• Updating the pharmacy curriculum in Yemeni universities to align with current standards and emphasize the importance of pharmaceutical care and clinical pharmacy services.
  6. Promoting Responsible Prescribing and Dispensing:
    • Implementing stricter regulations and penalties to discourage the dispensing of medications without a valid prescription.
    • Raising awareness among healthcare professionals and the public about the risks associated with self-medication and the importance of seeking professional medical advice.

By addressing these various aspects through a comprehensive and coordinated effort, Yemen can make significant strides in raising awareness, improving education, and ultimately reducing the prevalence of counterfeit medications and their associated risks.


The proliferation of counterfeit medications in Yemen is a grave public health concern, exacerbated by ongoing conflict, lack of oversight, and the infiltration of illicit supply chains. Addressing this crisis requires a multifaceted approach, involving strengthened legislation, enhanced enforcement, improved supply chain security, and advanced detection technologies. Additionally, raising awareness and education among healthcare professionals, regulatory authorities, and the general public is crucial to combat the dangers of counterfeit pharmaceuticals.

Ultimately, a collaborative effort from all stakeholders, including international organizations, government agencies, and local communities, is essential to mitigate the risks posed by counterfeit medications in Yemen. By prioritizing this issue and implementing robust measures, Yemen can safeguard the health and well-being of its citizens and prevent the devastating consequences of counterfeit drug proliferation.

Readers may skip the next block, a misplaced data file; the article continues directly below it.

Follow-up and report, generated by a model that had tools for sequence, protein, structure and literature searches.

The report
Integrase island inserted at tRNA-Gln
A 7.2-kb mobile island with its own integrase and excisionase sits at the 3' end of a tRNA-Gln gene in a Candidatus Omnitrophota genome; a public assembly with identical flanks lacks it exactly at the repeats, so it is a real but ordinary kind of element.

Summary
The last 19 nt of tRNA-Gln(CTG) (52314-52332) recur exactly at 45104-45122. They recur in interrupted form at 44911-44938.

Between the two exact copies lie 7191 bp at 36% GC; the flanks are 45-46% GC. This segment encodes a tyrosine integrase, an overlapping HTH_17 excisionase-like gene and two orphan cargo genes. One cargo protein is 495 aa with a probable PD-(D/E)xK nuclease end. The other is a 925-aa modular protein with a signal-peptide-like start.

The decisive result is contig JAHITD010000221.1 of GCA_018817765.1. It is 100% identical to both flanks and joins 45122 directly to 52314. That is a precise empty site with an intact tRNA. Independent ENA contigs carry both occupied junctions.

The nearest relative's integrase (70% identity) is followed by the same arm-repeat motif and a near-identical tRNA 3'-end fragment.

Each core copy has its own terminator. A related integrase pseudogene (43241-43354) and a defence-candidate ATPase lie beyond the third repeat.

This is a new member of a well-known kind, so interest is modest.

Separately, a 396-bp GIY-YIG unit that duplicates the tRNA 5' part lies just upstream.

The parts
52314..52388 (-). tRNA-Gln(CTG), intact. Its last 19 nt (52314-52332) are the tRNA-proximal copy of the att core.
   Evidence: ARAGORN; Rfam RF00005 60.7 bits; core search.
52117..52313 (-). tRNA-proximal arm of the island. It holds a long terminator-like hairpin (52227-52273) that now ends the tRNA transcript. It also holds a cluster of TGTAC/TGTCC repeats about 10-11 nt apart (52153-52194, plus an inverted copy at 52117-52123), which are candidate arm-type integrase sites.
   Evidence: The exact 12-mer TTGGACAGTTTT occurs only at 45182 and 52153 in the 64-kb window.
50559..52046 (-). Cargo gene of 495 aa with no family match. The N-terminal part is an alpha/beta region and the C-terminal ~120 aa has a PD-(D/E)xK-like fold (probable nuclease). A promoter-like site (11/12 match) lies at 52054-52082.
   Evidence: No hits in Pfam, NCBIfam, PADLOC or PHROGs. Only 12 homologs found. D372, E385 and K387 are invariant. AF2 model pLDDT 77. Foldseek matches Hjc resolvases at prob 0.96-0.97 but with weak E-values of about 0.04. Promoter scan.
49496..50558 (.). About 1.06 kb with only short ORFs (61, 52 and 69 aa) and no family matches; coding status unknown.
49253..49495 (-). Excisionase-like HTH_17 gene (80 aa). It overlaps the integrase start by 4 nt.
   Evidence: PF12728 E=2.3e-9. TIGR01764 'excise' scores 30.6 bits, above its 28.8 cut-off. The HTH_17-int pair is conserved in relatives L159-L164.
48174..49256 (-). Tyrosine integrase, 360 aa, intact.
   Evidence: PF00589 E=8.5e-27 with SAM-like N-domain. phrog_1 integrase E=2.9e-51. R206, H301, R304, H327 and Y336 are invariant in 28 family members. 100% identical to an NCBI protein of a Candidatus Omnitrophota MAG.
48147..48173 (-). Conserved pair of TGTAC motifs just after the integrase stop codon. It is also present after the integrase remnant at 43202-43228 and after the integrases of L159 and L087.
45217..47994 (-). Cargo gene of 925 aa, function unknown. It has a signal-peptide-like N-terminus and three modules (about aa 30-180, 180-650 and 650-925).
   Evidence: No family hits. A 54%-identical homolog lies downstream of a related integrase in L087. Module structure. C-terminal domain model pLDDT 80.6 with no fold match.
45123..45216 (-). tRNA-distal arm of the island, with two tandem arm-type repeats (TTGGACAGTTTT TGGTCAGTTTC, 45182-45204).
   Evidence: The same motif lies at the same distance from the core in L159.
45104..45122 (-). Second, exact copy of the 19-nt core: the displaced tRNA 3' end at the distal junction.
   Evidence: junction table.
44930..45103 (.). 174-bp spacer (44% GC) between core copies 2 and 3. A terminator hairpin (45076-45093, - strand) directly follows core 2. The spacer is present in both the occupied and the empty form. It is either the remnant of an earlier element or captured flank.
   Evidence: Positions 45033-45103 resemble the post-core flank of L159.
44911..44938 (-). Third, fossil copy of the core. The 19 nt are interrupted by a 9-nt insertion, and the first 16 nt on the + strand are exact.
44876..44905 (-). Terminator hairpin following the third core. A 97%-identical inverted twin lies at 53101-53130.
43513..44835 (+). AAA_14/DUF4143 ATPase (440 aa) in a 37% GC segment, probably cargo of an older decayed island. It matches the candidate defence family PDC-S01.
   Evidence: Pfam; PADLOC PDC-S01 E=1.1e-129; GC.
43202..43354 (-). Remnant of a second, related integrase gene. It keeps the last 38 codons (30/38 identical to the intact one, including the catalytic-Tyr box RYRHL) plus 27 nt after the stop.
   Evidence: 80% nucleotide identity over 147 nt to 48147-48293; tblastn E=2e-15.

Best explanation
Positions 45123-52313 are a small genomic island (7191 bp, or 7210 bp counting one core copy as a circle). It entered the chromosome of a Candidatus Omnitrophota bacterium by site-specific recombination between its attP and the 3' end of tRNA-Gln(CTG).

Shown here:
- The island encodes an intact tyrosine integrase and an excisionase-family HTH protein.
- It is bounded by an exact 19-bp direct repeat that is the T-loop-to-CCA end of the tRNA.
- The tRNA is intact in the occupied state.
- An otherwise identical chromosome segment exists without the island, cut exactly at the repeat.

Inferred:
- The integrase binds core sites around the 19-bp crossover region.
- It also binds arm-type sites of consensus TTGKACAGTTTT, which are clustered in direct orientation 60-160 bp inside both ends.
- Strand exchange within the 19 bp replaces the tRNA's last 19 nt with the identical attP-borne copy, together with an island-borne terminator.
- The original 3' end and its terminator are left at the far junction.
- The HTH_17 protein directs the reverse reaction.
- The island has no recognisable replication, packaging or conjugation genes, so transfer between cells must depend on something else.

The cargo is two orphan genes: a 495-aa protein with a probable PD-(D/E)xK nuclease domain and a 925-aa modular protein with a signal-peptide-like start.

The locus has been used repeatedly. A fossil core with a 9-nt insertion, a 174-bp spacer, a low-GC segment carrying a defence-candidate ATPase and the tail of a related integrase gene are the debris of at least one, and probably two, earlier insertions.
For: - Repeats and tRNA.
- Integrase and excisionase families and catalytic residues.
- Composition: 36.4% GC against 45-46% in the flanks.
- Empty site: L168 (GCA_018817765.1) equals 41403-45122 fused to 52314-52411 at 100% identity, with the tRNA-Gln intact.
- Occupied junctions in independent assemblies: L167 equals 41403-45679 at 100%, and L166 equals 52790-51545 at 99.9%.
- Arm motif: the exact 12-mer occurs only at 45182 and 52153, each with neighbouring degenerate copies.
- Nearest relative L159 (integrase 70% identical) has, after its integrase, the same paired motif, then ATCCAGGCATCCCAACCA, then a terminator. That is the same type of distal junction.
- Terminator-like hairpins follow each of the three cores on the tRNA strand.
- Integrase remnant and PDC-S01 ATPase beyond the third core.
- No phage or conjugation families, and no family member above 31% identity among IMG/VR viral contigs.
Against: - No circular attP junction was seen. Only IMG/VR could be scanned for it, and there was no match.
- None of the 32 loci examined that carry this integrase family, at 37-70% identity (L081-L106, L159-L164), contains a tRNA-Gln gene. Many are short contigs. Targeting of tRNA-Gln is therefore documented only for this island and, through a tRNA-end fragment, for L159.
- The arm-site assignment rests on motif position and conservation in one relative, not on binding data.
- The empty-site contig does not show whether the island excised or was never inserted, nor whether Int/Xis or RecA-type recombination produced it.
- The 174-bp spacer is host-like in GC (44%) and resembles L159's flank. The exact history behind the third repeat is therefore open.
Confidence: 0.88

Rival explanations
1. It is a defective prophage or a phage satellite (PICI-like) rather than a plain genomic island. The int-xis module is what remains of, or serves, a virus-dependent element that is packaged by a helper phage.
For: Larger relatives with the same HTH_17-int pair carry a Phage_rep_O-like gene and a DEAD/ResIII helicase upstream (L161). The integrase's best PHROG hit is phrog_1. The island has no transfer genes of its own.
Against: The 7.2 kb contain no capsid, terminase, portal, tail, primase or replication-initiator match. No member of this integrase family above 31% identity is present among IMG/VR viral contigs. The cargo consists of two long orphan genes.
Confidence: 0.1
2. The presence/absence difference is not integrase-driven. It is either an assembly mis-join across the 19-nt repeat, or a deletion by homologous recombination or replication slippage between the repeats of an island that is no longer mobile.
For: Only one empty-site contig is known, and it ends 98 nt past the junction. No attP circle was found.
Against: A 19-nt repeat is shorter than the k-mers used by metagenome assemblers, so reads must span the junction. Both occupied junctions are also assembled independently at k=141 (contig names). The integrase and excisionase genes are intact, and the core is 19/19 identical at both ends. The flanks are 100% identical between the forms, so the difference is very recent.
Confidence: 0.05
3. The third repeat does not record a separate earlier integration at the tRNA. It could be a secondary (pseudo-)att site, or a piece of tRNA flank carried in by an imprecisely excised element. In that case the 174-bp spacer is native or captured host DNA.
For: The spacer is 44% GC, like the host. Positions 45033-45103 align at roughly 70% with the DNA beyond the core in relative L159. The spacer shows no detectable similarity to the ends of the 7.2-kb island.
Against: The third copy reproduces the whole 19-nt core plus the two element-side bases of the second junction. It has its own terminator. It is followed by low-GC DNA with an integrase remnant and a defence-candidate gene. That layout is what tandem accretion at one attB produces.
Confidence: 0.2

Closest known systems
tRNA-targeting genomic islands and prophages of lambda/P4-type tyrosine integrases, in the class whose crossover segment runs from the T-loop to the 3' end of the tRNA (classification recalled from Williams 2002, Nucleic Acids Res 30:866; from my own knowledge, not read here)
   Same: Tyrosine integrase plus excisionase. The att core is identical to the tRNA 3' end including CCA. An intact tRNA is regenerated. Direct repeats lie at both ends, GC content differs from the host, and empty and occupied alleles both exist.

Q: How can I identify counterfeit pharmaceuticals? A: To spot counterfeit pharmaceuticals, look for typographical errors on labels or packaging, such as misspellings of the product name, manufacturer, or main ingredients. Additionally, be alert to any changes in the medication’s appearance, such as alterations in size and shape between refills, which could indicate a counterfeit product.

Q: What should I do to verify the authenticity of my medication? A: To verify if your medication is genuine, check for the consistency in labeling and packaging with previous purchases, and ensure that the product matches the description provided by legitimate sources. You may also contact the manufacturer or consult a healthcare professional if you have doubts about the medication’s authenticity.

Q: Can you tell me the methods to distinguish fake drugs from real ones? A: Fake drugs can be identified through several red flags: if they contain incorrect amounts or different ingredients than specified, claim to have unusual properties or side effects, differ in shape, size, taste, or color, are improperly labeled or unlabeled, or have an expired or missing expiry date.

Q: Which regions experience the highest rates of counterfeit drug incidents? A: In 2020, North America experienced the highest rate of counterfeit medicine seizures, accounting for 32% of incidents globally. It was followed by the Asia Pacific region at 23%, with Latin America, Eurasia, Near East, Europe, and Africa each having around 3%. Counterfeit drugs are a significant issue across both developed and developing nations.